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    What Is The State Of Public Debt? Minority Leader Asks Akufo-Addo

    File Photo: Minority Leader Haruna Iddrisu (left) and President Nana Akufo-Addo (right)


    Minority Leader, Haruna Iddrisu, has asked President Nana Akufo-Addo, to tell Ghanaians the state of Ghana’s public debt stock.

    Mr. Iddrisu posed the question to the President after his (Akufo-Addo’s) presentation of the State of the Nation Address (SONA) in Parliament House on Tuesday, March 9, 2021.

    The Minority Leader recounted that four years, during the President’s first SONA, he was quick to mention the amount of public debt he inherited from the then John Mahama’s Government.

    However, he said as Mr. Akufo-Addo delivered the SONA for his second and final term of office, he failed to state the current level of public debt apparently because the debt has ballooned beyond expectation even though while in opposition, Mr. Akufo-Addo chastised the Mahama’s administration for borrowing.

    He said “the President was conspicuously silent on the public debt.”

    According Mr. Iddrisu, current public debt was around Ghc 298, representing 78% of Gross Domestic Product (GDP).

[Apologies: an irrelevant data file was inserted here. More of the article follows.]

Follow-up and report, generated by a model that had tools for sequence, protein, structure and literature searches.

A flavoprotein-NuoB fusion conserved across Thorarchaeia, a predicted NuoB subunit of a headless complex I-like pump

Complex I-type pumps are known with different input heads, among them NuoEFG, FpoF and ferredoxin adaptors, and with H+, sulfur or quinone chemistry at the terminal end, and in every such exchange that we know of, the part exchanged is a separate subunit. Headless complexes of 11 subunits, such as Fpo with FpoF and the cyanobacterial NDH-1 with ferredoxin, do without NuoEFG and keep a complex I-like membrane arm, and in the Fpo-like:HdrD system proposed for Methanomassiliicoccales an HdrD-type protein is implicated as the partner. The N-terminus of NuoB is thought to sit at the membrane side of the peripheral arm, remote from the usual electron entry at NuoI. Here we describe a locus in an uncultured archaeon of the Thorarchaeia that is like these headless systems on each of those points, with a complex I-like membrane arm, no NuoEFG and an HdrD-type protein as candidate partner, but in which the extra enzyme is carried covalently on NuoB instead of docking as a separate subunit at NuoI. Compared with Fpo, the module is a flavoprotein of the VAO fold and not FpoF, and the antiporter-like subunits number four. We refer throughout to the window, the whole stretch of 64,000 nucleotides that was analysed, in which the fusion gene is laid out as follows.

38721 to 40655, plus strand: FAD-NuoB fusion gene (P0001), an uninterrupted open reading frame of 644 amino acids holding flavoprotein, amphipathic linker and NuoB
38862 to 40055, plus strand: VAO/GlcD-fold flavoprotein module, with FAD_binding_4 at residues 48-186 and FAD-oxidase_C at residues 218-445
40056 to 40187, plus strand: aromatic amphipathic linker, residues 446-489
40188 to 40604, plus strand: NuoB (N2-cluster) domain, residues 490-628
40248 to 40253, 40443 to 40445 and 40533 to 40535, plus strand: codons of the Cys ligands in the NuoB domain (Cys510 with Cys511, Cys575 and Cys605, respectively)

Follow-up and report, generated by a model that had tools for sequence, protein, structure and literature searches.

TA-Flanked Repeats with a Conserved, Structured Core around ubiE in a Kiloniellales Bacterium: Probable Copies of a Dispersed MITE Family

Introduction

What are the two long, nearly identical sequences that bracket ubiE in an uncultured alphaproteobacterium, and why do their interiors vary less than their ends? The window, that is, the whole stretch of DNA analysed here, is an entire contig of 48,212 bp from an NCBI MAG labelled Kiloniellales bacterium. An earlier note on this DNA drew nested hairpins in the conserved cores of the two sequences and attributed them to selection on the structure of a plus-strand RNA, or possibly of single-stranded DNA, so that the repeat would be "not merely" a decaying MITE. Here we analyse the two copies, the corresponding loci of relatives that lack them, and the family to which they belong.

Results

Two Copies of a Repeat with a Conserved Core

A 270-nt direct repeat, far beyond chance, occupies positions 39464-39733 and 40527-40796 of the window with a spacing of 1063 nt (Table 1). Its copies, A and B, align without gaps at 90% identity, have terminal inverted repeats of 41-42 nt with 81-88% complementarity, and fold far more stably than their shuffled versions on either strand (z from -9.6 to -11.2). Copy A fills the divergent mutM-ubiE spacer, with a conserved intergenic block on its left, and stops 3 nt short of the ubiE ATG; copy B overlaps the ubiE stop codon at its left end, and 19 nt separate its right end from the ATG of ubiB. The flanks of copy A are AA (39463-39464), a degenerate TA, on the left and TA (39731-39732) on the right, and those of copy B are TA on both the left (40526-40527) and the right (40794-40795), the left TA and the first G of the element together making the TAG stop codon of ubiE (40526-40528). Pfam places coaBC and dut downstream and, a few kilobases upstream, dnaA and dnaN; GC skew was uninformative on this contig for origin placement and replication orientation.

Job loses

    The Minority Leader also complained that the President failed to give details on those who have lost their jobs due to coronavirus.

    Public Debt Insight

    Ghana’s public debt stock reachef GH¢ 218 billion in December 2019, Bank of Ghana revealed.

    That was about 63% of Gross Domestic Product.

    Out of that, external debt constituted GH¢112.5 (US$20.3 billion). This represented 32.5% of GDP.

    GH¢105.5 was borrowed from the domestic market, representing 30.5% of GDP. External debt was GH¢7 billion more than domestic debt.

    In December 2016, Ghana’s debt was GH¢122, representing about 62% of GDP.

    ‘We Expect GDP Growth To Rebound Strongly In 2021’

    Meanwhile, in his address, the President said Government was expecting the Gross Domestic Product (GDP) growth of Ghana to rebound strongly in 2021.

    He said government was expecting a rebound in the growth rate to nearly 5%.

    The 5%, he noted, was above the International Monetary Fund (IMF’s) January 2021 projection of 3.2% growth for Sub-Saharan Africa for 2021.

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